The call for a sugar tax has been strengthened by a new study of New Zealand’s soft drinks which shows they contain more sugar than in other countries.
The University of Waikato research found the drinks contained a higher amount of sugar than those in most other Western countries, New Zealand Herald reports.
Lead author Lynne Chepulis said the average fruit juice or soda in New Zealand had up to five or six teaspoons of sugar, compared with maybe three or four teaspoons in the United Kingdom.
She said regulations like sugar taxes were encouraging manufacturers to reduce the sugar content in their drinks.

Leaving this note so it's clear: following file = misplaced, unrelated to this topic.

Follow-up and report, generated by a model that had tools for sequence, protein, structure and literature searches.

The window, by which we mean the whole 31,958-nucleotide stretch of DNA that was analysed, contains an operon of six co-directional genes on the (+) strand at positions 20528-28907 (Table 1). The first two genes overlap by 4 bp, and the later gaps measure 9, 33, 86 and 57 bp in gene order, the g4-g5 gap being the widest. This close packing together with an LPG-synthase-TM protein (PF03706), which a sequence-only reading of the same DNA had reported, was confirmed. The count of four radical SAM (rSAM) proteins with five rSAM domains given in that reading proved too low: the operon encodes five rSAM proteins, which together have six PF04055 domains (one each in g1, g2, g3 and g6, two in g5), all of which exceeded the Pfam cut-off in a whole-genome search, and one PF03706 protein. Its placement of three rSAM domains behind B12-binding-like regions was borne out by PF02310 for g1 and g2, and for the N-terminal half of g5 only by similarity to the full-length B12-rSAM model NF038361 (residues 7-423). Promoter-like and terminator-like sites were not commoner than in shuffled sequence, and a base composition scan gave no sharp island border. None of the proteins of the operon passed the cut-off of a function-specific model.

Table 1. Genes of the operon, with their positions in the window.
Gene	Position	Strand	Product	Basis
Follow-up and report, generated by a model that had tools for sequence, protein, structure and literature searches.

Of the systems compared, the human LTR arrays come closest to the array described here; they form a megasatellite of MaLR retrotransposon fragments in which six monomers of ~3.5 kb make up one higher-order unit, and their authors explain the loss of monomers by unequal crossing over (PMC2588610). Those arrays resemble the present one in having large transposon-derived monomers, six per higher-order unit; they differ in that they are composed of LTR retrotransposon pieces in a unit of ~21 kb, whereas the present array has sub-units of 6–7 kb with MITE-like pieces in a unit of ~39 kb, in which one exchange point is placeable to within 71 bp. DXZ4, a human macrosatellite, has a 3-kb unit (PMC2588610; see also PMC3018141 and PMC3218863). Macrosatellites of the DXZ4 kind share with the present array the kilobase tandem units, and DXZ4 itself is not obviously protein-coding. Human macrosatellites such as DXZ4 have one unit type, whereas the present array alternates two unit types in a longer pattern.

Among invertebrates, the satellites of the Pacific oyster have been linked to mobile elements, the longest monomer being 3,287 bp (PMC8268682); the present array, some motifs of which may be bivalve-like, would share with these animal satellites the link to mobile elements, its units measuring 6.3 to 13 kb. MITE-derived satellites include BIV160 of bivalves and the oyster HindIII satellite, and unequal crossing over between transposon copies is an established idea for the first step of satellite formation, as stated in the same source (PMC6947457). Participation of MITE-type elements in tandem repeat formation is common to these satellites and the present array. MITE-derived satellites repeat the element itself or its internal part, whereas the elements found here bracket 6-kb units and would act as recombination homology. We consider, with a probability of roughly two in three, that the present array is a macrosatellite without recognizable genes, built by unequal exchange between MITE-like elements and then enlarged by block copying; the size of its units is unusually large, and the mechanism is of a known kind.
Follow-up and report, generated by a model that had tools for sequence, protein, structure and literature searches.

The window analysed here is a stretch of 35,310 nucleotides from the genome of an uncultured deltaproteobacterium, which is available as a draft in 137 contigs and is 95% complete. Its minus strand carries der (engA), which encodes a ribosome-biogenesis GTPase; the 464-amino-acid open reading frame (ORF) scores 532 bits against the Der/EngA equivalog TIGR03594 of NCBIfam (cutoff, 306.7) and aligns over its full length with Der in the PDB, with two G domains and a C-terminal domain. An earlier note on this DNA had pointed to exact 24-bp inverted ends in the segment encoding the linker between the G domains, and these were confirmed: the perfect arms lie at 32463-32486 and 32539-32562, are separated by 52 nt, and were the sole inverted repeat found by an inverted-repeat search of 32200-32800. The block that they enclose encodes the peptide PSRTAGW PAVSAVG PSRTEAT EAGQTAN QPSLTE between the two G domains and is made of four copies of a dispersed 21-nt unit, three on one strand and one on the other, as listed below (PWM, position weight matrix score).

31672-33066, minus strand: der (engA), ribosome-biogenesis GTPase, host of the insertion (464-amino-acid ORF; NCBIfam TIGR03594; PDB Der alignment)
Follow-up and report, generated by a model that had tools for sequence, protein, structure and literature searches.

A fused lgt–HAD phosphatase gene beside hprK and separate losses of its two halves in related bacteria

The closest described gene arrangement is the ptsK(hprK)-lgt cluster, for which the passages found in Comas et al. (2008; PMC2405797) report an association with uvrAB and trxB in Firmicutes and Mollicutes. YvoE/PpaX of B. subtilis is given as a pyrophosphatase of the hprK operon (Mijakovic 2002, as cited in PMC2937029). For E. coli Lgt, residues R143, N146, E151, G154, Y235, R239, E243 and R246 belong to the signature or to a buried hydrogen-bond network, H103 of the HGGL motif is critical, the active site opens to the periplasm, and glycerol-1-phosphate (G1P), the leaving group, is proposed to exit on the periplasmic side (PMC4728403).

FIZZ founder Dr Gerhard Sundborn said that on average, we had one-and-a-half times more sugar in our fizzy drinks and juice than the likes of Canada, Australia and the US.
He said there was no real regulation around sugar or its industry and that it was time for that to change.
On the back of the findings, the New Zealand Dental Association has also called for action.
Spokesman Dr Rob Beaglehole said there should be an icon on sugary drinks showing how many teaspoons of sugar were in them, a sugary drinks tax and schools should all have water-only policies.
Sugar was a major contributor to dental decay, and the study showed that drinks sold in New Zealand had several teaspoons of sugar more than similar products sold in other countries, he said.